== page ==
100x Developers - Why they vanished?

100x Developers - Why they vanished?
Photo by Ugi K. / Unsplash

First version of Git was written in 2 weeks. Did Linus used Agile, Scrum, Waterfall or any other model?

No, Linus had a problem while maintaining source code of Linux kernel on BitKeeper. So he solved the problem by coding Git and moved on to solve next problem.

Sometimes I feel we mask lot of inefficiencies behind these fancy frameworks and then justify them because we are just obeying the principals. Every week lot of companies come out that promise to 10x the developer speed, but it's a behavioral problem not technical.

When I was at Stanford with the AI project [in the late 1960s] one of the things we used to do every Thanksgiving is have a computer programming contest with people on research projects in the Bay area. The prize I think was a turkey.

[John] McCarthy used to make up the problems. The one year that Knuth entered this, he won both the fastest time getting the program running and he also won the fastest execution of the algorithm. He did it on the worst system with remote batch called the Wilbur system. And he basically beat the shit out of everyone.

And they asked him, "How could you possibly do this?" And he answered,
"When I learned to program, you were lucky if you got five minutes with the machine a day. If you wanted to get the program going, it just had to be written right. So people just learned to program like it was carving stone. You sort of have to sidle up to it. That's how I learned to program."


I use to wonder how every coder in 80's was a 100x developer, they cracked super hard problems over weekends for fun.

Most of today's internet is build over such weekend projects.

One secret ingredient of these legends was slow computers. Computers were not a common accessory back in 80's, developers had to wait for weeks to punch in their code on common university computers.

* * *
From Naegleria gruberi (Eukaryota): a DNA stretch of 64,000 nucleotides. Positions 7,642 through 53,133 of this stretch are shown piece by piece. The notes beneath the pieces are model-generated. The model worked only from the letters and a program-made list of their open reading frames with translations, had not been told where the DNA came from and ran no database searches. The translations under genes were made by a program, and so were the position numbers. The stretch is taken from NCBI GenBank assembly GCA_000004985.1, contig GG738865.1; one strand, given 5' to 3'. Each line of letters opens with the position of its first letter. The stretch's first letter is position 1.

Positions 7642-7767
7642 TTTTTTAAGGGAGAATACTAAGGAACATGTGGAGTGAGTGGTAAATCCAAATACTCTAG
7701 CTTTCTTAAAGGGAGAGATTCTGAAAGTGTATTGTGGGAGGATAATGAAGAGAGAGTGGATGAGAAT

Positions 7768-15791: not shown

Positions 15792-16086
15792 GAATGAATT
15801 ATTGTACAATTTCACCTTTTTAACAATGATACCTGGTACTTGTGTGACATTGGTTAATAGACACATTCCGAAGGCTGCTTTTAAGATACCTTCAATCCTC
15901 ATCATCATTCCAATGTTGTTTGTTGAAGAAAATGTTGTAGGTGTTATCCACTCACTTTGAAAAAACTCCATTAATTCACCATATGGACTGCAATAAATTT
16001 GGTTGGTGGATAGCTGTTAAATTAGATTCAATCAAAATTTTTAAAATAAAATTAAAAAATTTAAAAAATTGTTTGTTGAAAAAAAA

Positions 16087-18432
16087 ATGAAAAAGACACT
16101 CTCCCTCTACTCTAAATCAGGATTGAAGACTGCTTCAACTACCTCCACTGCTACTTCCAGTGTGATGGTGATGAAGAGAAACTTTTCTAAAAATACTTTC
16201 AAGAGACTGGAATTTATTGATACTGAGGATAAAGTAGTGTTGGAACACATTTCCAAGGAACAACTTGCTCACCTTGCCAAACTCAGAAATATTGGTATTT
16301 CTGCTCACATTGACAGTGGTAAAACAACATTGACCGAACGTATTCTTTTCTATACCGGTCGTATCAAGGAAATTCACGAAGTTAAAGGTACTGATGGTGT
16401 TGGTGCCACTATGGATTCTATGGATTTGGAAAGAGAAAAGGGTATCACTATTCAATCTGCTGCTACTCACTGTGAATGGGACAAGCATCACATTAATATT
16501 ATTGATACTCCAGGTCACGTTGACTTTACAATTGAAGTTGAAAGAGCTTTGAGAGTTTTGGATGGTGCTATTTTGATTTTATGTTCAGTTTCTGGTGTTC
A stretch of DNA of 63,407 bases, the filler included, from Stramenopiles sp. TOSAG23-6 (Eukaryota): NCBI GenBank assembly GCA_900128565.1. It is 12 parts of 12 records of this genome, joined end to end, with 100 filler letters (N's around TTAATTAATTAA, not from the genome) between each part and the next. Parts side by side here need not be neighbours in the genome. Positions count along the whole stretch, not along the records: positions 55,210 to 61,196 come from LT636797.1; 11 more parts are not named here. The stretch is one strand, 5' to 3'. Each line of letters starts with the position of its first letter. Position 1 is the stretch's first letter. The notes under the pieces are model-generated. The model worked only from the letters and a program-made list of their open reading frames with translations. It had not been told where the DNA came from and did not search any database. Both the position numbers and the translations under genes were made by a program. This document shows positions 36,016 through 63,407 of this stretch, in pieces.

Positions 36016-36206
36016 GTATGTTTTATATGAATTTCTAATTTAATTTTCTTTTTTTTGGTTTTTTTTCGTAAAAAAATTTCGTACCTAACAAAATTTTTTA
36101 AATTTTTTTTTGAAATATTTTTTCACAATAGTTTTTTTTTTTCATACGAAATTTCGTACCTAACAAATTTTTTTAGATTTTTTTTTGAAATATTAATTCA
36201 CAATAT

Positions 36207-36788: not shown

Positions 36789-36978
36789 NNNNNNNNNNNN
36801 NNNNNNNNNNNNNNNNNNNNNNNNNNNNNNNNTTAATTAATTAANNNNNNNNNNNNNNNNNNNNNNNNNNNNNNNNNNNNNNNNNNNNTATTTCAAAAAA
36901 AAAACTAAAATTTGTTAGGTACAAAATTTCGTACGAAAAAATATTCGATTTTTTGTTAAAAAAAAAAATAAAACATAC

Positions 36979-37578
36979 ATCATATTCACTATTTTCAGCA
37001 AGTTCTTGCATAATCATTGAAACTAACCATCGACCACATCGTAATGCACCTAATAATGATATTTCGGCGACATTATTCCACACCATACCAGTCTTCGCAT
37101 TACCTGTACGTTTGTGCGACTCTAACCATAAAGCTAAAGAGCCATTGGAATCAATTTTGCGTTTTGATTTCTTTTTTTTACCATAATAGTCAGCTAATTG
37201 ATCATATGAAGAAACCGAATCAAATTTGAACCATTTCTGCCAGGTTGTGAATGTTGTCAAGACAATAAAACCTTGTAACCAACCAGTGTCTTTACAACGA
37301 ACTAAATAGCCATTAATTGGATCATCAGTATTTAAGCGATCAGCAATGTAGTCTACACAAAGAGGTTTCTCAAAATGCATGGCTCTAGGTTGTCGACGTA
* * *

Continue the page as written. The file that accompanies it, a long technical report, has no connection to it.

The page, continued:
And if you mess up code with a bug, wait for a week for your turn.

Eventually lot of thinking happened before coding (not after you print variable to find bug).

Brain was the pre-compiler for these people, no wonder they wrote perfect code.

Here's another story involving Knuth

In the 70's I had a co-worker, perhaps the best programmer in the department, that had gone to school with Knuth. He told me that one day while in college Knuth was using one of the available key-punch machines to punch his program on cards. My friend was ready to punch his program so he stood nearby to wait for Knuth to finish. Knuth, working on a big program, offered to Keypunch my friends program before finishing his own because my friend's program was shorter and Knuth could keypunch quite fast.
While watching over Knuth's shoulder, my friend noticed Knuth speeding up and slowing down at irregular intervals. Later he asked him about that and Knuth replied that he was fixing the bugs in my friend's Fortran as he punched it out.

Toady, we have fast systems and compute is as cheap as air. As a result thinking is an after-thought in coding. You keep on writing code like it's a typing competition, PM's measure quality of projects based on LOC's. Each bug results in branching with if statements and in the end, you have a ugly looking strings of logic that will justify what Thanos did to half of the world (considering vanished people were programmers).

Cheap and fast computers made most of us poor developers.